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School of Medicine
News from the Department of Psychiatry and Behavioral Science
|Dr. Akira Sawa|
For almost a decade, the idea’s been out that schizophrenia starts before birth. Structure points to it: Patients’ brains have abnormally large ventricles early in the disease, for example—too early to be a side effect of prescribed drugs. And the ranks of orderly layers of cells that define the cerebral cortex, laid down in development, have gone higgledy-piggledy. Missing, too, are the tell-tale signs of gradual neurodegenerative diseases like Parkinson’s or Alzheimer’s. But, so far, nothing direct has shown the disease begins in utero.
So the report from Akira Sawa’s laboratory this past fall that a gene tied to a rare form of schizophrenia also warps early brain development—and Sawa has good ideas how—is real news. And that brains of animal models carrying the gene resemble nothing so much as humans with schizophrenia makes the find especially compelling.
The work may well be a toehold sort of discovery, like learning beta amyloid is a culprit in Alzheimer’s disease—a real boost for research to come. “It’s already suggested new paths for therapy that we’re exploring intensely,” says Sawa.
Sawa had followed the work of Scottish scientists who’d come across a family with major mental illness, a large group plagued by apparently “pure” schizophrenia, mood disorders and blends thereof. The cause had to be something genetic. With a pedigree in hand, the Scots traced the illness to a mutant gene they called Disrupted in Schizophenia—DISC1 for short. Interestingly, others have suggested loose ties between DISC1 and more common forms of schizophrenia.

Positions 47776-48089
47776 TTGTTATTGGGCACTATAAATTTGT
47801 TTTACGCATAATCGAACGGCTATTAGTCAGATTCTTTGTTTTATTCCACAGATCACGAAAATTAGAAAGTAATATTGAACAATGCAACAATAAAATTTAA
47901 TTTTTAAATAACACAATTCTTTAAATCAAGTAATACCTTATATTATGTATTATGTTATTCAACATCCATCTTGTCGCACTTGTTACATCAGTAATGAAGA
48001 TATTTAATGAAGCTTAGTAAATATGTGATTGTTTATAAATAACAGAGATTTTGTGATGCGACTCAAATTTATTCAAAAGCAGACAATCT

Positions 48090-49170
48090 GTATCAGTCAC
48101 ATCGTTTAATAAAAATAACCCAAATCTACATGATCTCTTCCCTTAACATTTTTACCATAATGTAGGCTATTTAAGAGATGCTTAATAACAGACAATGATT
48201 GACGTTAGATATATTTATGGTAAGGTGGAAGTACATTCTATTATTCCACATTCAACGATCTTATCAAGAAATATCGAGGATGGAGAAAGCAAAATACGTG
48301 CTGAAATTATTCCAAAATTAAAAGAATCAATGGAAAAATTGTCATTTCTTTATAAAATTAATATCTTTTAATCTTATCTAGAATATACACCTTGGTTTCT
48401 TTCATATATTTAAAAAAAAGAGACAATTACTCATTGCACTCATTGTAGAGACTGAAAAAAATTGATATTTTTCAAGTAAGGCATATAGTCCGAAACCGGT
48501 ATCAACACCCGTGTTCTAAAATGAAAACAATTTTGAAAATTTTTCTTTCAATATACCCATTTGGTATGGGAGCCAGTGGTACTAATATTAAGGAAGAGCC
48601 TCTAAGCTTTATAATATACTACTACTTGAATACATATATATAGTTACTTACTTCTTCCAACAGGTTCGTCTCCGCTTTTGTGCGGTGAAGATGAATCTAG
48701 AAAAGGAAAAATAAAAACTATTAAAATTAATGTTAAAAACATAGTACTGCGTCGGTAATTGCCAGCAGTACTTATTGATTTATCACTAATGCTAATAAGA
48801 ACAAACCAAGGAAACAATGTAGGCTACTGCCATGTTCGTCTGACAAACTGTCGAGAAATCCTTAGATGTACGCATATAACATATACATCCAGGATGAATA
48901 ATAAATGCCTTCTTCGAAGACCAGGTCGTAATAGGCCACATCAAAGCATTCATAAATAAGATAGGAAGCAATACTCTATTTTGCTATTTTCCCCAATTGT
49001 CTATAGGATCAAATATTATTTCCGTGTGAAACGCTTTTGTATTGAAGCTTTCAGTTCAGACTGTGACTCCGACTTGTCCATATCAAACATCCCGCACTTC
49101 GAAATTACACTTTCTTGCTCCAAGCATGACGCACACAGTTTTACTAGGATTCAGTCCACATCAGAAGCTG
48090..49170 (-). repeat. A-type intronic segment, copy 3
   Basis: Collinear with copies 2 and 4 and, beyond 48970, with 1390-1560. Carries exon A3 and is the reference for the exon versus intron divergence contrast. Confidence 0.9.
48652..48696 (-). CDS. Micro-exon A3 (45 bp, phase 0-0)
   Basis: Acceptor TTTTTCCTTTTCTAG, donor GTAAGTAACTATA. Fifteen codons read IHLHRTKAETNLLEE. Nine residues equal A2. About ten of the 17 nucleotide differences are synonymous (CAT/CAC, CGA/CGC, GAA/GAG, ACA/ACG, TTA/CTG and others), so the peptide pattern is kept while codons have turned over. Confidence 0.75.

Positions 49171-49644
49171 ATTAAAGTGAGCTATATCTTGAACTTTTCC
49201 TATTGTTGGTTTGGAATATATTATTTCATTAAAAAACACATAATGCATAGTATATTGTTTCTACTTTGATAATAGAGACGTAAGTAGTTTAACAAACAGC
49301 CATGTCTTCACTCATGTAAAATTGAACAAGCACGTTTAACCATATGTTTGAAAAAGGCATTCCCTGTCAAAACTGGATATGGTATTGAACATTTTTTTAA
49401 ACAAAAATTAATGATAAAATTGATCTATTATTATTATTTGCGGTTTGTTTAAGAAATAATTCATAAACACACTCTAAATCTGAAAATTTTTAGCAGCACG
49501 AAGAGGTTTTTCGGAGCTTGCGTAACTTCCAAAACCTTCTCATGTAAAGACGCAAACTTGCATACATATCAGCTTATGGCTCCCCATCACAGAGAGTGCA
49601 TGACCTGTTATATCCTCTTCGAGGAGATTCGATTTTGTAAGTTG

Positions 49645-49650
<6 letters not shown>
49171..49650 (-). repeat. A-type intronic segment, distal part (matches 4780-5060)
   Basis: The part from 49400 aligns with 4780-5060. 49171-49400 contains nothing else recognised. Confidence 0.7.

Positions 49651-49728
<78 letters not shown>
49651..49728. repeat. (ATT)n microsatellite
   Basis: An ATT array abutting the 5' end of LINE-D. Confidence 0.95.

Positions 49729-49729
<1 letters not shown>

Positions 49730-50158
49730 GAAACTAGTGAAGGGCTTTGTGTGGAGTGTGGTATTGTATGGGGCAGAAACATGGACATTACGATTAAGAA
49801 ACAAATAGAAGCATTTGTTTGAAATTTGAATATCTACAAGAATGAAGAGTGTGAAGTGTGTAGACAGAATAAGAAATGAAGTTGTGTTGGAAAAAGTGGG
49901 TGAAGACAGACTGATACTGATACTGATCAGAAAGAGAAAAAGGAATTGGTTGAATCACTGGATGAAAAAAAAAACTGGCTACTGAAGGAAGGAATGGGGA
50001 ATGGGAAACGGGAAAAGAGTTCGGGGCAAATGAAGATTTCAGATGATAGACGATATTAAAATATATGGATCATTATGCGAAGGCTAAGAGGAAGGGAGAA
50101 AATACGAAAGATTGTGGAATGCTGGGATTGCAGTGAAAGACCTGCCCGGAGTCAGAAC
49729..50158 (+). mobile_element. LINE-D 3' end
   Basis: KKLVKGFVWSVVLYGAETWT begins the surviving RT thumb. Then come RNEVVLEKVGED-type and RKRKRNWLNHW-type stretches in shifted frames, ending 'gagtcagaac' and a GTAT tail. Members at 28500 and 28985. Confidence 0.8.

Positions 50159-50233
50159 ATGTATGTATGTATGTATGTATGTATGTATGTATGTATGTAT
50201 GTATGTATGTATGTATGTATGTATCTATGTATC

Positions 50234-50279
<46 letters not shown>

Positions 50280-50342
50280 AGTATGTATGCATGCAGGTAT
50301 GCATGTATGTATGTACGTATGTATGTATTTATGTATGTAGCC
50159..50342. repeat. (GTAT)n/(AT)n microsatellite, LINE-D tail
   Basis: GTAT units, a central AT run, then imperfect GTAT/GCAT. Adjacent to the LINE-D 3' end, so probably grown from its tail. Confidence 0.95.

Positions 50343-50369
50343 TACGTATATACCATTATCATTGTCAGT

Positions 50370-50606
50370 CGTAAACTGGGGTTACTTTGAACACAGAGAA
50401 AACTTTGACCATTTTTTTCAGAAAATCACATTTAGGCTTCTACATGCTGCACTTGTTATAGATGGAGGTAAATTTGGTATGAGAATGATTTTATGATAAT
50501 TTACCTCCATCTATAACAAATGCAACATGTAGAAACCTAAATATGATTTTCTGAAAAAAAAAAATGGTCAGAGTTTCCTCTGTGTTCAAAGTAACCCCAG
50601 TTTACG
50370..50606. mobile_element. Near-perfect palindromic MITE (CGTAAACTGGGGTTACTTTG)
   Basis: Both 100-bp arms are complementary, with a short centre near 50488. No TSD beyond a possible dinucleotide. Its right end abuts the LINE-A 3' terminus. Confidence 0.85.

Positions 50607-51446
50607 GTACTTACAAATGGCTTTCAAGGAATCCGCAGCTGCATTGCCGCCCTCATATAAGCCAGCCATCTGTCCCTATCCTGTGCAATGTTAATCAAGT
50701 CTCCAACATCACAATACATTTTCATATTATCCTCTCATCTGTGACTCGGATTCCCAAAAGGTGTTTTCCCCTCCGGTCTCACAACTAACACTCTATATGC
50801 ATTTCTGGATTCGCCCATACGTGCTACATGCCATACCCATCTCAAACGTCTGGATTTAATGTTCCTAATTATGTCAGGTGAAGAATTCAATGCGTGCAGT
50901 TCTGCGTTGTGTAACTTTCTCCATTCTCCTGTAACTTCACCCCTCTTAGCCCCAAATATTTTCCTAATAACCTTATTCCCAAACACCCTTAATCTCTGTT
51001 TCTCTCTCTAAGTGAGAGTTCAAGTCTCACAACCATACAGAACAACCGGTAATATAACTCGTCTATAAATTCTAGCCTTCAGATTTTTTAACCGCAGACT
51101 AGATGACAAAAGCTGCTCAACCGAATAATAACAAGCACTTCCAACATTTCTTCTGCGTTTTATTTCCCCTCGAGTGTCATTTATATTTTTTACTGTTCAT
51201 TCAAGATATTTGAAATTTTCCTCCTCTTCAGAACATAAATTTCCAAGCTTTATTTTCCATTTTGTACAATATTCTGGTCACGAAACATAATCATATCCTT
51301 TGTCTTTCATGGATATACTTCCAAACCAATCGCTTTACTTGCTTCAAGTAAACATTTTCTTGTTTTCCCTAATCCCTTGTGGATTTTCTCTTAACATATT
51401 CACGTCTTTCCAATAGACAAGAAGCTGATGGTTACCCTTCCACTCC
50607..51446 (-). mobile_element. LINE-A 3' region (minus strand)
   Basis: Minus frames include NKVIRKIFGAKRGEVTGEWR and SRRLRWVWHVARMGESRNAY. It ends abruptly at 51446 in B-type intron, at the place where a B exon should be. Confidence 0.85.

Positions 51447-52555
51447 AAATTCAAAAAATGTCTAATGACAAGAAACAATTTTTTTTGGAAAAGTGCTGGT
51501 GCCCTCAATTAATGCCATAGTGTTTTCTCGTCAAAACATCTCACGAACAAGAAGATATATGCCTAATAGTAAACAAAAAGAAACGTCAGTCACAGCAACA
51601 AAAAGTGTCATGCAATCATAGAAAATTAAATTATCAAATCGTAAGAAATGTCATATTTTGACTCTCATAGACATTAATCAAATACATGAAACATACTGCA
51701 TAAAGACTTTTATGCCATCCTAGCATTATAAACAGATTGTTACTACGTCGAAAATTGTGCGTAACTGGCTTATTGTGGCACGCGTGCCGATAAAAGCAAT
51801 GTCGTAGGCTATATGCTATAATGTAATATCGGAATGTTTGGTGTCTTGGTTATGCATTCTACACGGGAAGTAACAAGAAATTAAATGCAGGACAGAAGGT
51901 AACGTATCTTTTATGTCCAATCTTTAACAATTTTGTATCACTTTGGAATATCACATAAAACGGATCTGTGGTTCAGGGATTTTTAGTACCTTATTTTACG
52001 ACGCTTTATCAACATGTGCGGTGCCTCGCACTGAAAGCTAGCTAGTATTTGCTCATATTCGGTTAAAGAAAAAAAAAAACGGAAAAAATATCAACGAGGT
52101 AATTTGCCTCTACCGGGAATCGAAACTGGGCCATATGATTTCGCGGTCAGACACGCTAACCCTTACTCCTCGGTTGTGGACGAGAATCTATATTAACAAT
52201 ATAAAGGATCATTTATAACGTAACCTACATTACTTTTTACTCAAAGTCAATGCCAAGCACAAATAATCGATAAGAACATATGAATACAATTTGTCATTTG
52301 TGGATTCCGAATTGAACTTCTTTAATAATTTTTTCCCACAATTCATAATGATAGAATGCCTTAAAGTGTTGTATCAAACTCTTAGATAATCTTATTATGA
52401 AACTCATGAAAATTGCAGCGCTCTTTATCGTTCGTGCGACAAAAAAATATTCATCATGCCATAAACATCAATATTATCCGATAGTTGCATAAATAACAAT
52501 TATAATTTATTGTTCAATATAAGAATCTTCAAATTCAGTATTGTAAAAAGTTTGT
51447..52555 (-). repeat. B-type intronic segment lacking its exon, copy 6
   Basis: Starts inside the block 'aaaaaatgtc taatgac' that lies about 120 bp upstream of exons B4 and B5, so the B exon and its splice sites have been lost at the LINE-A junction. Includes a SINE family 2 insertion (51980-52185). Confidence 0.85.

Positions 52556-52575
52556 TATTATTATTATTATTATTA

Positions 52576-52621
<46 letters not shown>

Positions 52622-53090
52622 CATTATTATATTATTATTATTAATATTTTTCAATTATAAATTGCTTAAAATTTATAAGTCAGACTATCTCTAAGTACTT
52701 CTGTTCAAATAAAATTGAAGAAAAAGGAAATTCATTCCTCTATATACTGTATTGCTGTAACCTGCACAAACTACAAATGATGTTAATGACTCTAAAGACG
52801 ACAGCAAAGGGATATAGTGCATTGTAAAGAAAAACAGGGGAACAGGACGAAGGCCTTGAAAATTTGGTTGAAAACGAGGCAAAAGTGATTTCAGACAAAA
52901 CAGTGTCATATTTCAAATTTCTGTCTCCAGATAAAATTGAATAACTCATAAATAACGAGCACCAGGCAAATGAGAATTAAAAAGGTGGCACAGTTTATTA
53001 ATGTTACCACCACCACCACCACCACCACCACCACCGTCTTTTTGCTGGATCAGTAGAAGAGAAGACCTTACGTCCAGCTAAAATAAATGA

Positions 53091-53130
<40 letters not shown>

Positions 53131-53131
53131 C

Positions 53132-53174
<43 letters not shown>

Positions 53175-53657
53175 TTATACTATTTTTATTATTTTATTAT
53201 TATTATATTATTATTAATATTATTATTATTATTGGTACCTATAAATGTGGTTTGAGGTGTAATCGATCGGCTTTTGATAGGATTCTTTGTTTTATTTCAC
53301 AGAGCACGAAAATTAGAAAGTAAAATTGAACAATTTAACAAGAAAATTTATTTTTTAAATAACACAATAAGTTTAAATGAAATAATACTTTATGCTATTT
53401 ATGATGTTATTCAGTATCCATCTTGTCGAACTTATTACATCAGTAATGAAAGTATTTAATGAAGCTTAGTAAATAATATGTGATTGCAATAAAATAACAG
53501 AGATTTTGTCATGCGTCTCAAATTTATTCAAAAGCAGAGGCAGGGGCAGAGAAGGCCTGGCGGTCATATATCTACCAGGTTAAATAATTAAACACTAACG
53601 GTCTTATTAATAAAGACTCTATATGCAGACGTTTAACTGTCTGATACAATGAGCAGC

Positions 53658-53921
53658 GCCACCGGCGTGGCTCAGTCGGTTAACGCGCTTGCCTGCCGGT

Sawa’s group picked up the DISC1 work, not studying the disease in patients, but starting with the flawed gene—an approach rare in psychiatric research. Because they suspected that DISC1’s protein product somehow interferes with brain development, they focused on cell machinery that, early on, eases embryonic neurons outward to proper brain targets. A series of elegant experiments in mouse models revealed that mutant DISC1 graphically uncouples that machinery—the microtubule “girders” and the motor that moves them—from its anchoring point in the cell.
The result, cultures show, is the cell equivalent of shyness; neurons don’t branch out. And in live mouse models, the layering of the cerebral cortex (right) looks abnormal. “It’s very similar to what we see in human schizophrenia,” Sawa says, “but that needs verifying.” Other team studies show that the sine qua non—animal behavior—is off too, leaving Sawa enthusiastic about the possibility that his DISC1 animal model of schizophrenia is the first good one.
A model could speed work on two fronts: Sawa has signs (right) that the brain compensates somewhat for developmental upsets. Could that be enhanced? He also hopes for “a conceptual breakthrough” to shed light on the commonest forms of schizophrenia—one that shows something environmental, like a virus, feeds into DISC1’s pathway in the brain. Both ideas have his team living in the lab.
For information about Dr. Sawa's research, call: 410-955-4726.